Report: Harmful chemical found in tap water of 31 U.S. cities
December 20th, 2010
12:00 AM ET

Report: Harmful chemical found in tap water of 31 U.S. cities

Millions of Americans in at least 31 U.S. cities could be drinking tap water contaminated with the harmful chemical hexavalent chromium, according to a report released Monday by the non-profit Environmental Working Group.

While the dangerous carcinogen, otherwise known as chromium-6, may sound foreign to most people, perhaps the name Erin Brockovich will ring a bell.

After chromium-6 was discovered in the water supply of Hinkley, California, Brockovich helped bring about a lawsuit that ultimately ended in 1996 with the utility company, Pacific Gas & Electric, paying more than $330 million in damages.  Norman, Oklahoma; Honolulu, Hawaii; and Riverside, California, top the non-profit organization's list of cities with water supplies contaminated by chromium-6.

The Environmental Protection Agency has classified the toxin as a carcinogen to humans if it is inhaled.  The EPA is proposing to classify it as "likely to be carcinogenic to humans" if ingested as part of a risk assessment the agency is currently conducting. The agency says water utilities are required to test for total chromium levels in the water but not explicitly for chromium-6. Chromium-6 is a natural byproduct of total chromium.

"In order to protect people's health, EPA has had drinking water standards for total chromium, which includes chromium-6," the agency said in a statement to CNN. "When this scientific assessment is finalized in 2011, EPA will carefully review the conclusions and consider all relevant information, including the Environmental Working Group's study, to determine if a new standard needs to be set."

"I was expecting to find hexavalent chromium in some of the cities we checked, but I didn't expect it to be so widespread," said Rebecca Sutton, a senior scientist with the Environmental Working Group and the lead author of the study.

Sutton said there is a well-documented corollary between exposure to chromium-6 and a greater risk of stomach cancer in humans. Additionally, there is ample animal evidence showing a broad risk of gastrointestinal tumors in rats and mice exposed to the toxin, she said.

Worse, skipping tap water in favor of bottled water does not guarantee you'll be protected.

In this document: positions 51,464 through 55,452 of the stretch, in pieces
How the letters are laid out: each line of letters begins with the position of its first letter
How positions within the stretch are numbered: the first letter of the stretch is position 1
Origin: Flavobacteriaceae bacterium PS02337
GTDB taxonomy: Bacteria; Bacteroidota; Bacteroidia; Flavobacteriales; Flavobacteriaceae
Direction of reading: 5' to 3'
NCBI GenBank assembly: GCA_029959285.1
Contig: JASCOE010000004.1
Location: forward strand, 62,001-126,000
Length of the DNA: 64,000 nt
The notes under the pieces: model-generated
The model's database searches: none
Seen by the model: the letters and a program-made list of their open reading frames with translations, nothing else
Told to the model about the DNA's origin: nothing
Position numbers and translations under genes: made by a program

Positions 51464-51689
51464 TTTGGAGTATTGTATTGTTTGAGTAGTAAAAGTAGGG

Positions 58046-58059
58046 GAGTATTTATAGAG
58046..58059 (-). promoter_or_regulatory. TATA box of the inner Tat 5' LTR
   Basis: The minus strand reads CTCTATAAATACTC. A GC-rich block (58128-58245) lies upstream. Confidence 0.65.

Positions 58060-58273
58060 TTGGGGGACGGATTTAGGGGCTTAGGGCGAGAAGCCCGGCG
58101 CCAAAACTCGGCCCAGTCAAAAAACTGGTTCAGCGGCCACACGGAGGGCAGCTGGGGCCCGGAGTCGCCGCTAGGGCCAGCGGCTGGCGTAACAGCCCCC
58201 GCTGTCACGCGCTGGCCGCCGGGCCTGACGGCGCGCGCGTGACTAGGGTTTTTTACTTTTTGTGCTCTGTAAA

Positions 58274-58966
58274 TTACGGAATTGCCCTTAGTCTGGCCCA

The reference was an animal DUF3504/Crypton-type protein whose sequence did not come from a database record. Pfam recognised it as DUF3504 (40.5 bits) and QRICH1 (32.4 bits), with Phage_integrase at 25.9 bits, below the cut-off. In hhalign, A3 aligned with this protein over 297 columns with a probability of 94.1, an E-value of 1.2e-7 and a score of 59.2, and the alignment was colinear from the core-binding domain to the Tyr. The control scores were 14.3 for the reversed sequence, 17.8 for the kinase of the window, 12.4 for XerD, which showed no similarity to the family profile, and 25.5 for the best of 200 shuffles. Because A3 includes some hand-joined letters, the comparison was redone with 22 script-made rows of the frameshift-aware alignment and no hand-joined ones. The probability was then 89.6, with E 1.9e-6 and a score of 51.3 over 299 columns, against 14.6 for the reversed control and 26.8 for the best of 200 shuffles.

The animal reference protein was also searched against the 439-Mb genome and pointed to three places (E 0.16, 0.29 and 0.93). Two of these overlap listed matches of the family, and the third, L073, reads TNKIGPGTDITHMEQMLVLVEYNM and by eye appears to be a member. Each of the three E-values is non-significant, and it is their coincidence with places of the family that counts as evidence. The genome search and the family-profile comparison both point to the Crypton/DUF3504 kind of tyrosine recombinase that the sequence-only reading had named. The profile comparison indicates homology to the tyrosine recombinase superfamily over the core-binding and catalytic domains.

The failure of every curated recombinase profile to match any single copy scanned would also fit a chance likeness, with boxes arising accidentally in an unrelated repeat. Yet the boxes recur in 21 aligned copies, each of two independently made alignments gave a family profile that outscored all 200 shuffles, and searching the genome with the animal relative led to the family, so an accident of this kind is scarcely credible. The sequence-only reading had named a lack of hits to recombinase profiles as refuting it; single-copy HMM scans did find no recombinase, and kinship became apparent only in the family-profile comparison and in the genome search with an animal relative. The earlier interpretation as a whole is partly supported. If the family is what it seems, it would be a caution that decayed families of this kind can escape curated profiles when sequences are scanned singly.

"Bottled water is not necessarily any safer than tap water," said Sutton. "We just don't have any guarantee that hexavalent chromium isn't in that water."

So how can you protect yourself? Sutton says your best bet is buying an effective water filter.

"Getting the water filter is a great way to protect yourself and your family," says Sutton. "It's a step you can take yourself; you don't have to wait for government action."

Samples from the test provided a "one-time snapshot" of water systems that serve 26 million people, the Environmental Working Group said. But the organization said the results show that more federal regulation of the cancer-causing chemical is needed.

The National Toxicology Program has said that chromium-6 in drinking water shows "clear evidence of carcinogenic activity."

California's state environmental agency has proposed capping levels of the chemical in drinking water at 0.06 parts per billion. The Environmental Working Group said 25 of the cities it tested showed exceeded that level.

To conduct its test, the organization said it recruited volunteers in 35 cities to collect tap water samples "from unfiltered taps in homes or in public buildings such as hospitals, libraries and malls," the report said.

Here are the cities

1. Norman, Oklahoma
2. Honolulu, Hawaii
3. Riverside, California
4. Madison, Wisconsin
5. San Jose, California
6. Tallahassee, Florida
7. Omaha, Nebraska
8. Albuquerque, New Mexico
9. Pittsburgh, Pennsylvania
10. Bend, Oregon
11. Salt Lake City, Utah
12. Ann Arbor, Michigan
13. Atlanta, Georgia
14. Los Angeles, California
15. Bethesda, Maryland
16. Phoenix, Arizona
17. Washington, D.C.
18. Chicago, Illinois
19. Milwaukee, Wisconsin
20. Villanova, Pennsylvania
21. Sacramento, California
22. Louisville, Kentucky
23. Syracuse, New York
24. New Haven, Connecticut
25. Buffalo, New York
26. Las Vegas, Nevada
27. New York, New York
28. Scottsdale, Arizona
29. Miami, Florida
30. Boston, Massachusetts
31. Cincinnati, Ohio

Not detectable: Indianapolis, Indiana; Plano, Texas; Reno, Nevada; San Antonio, Texas
For the levels in these cities, check this graph.

soundoff (611 Responses)